Charlotte was overwhelmed knowing that her project was being given such recognition. “In the back of my head I was happy dancing, and then in the front of my head I’m like, ‘What do I do now? I don’t want to disappoint myself if I don’t do as well as I thought I would.’”
The Broadcom MASTERS competition nominated 30 of the 300 students last week to move on as finalists and compete in Washington, D.C. Though Charlotte’s project wasn’t selected for this final stage, she can be proud of her standing among the top percentage of middle school students in the United States for her work, which she received a $125 award for from the Department of Defense STEM.
“At the end of the [school] year, each student’s strengths, you get a certificate for being really strong in that category and I got mine for science,” Charlotte was happy to share with me. She plans to continue to study science as she progresses through school.
Having recently started seventh grade at City Tree Christian School, Charlotte is looking ahead to this year’s science fair and is debating whether to do a continuation of the cake experiment or take a completely different approach. “I was thinking about measuring the fat content in the [butter, margarine, and oil], or maybe doing different types of oil because that was the most preferred overall,” Charlotte considered should she continue with what she’s learned from her first experiment. She’s also been wondering about the results if she had a larger sample size, given that based on her family’s taste tests they thought the cake with oil tasted the sweetest and perhaps with a sample of mostly pre-teens, perhaps the data would be different with a larger amount of adults as taste-testers given that tastes change as one ages. “My parent’s results were different than my classmates, so we’re thinking it’s maybe because we all like sweeter, sugary things.”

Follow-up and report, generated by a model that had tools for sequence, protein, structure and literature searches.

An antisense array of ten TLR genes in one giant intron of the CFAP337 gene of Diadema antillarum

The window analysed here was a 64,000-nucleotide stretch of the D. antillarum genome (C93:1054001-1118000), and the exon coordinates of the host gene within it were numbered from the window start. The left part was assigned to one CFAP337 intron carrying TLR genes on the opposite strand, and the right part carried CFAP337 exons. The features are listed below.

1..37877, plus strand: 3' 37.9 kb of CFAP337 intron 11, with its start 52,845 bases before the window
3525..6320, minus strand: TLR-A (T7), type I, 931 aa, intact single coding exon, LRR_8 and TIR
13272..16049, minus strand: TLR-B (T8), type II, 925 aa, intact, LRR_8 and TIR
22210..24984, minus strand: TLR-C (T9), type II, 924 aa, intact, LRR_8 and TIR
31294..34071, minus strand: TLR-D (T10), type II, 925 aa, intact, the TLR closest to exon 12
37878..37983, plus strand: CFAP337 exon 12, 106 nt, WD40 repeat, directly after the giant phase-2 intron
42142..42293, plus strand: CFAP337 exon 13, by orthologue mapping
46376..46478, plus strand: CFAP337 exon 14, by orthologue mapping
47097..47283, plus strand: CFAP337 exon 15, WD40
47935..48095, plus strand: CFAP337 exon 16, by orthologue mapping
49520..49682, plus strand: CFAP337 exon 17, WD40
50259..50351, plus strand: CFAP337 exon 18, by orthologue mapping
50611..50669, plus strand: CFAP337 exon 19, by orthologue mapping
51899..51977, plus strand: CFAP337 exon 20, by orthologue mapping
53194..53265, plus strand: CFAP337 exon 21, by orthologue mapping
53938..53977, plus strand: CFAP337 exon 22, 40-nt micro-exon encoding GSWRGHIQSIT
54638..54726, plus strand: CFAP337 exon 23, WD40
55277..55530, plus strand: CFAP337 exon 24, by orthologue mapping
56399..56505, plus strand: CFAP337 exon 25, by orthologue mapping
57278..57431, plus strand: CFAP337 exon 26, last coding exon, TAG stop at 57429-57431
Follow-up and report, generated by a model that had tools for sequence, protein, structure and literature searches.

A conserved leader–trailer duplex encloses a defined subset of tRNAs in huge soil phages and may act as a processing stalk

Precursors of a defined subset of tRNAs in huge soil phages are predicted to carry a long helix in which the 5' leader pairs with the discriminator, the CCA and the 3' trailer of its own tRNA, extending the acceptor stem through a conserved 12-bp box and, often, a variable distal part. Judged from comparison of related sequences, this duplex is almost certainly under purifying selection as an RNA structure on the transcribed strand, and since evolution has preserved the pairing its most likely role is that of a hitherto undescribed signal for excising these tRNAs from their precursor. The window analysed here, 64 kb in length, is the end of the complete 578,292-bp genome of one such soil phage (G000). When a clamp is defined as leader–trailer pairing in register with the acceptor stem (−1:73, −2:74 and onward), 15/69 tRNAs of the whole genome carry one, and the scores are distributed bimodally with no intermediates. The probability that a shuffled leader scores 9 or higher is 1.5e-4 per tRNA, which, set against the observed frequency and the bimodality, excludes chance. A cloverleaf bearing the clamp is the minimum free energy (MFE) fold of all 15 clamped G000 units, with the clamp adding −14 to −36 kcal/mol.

She’s also considering the potential benefits to society of studies like these, whether it’s ways to reduce plastic pollution, or ways people with allergies or something like dairy intolerance can still enjoy baking by substituting ingredients. “My overview of it was that I really enjoyed it and I think I did pretty well on it. There’s always going to be a few more variables than you want there to be, I think I did pretty well trying to eliminate those, though.”
And, like any good scientist, Charlotte particularly enjoyed the practical applications of her study. “We ate the rest with whipped cream and there’s still some cake in the freezer. It was fun,” Charlotte said, proving that one can, in fact, have their cake and eat it, too.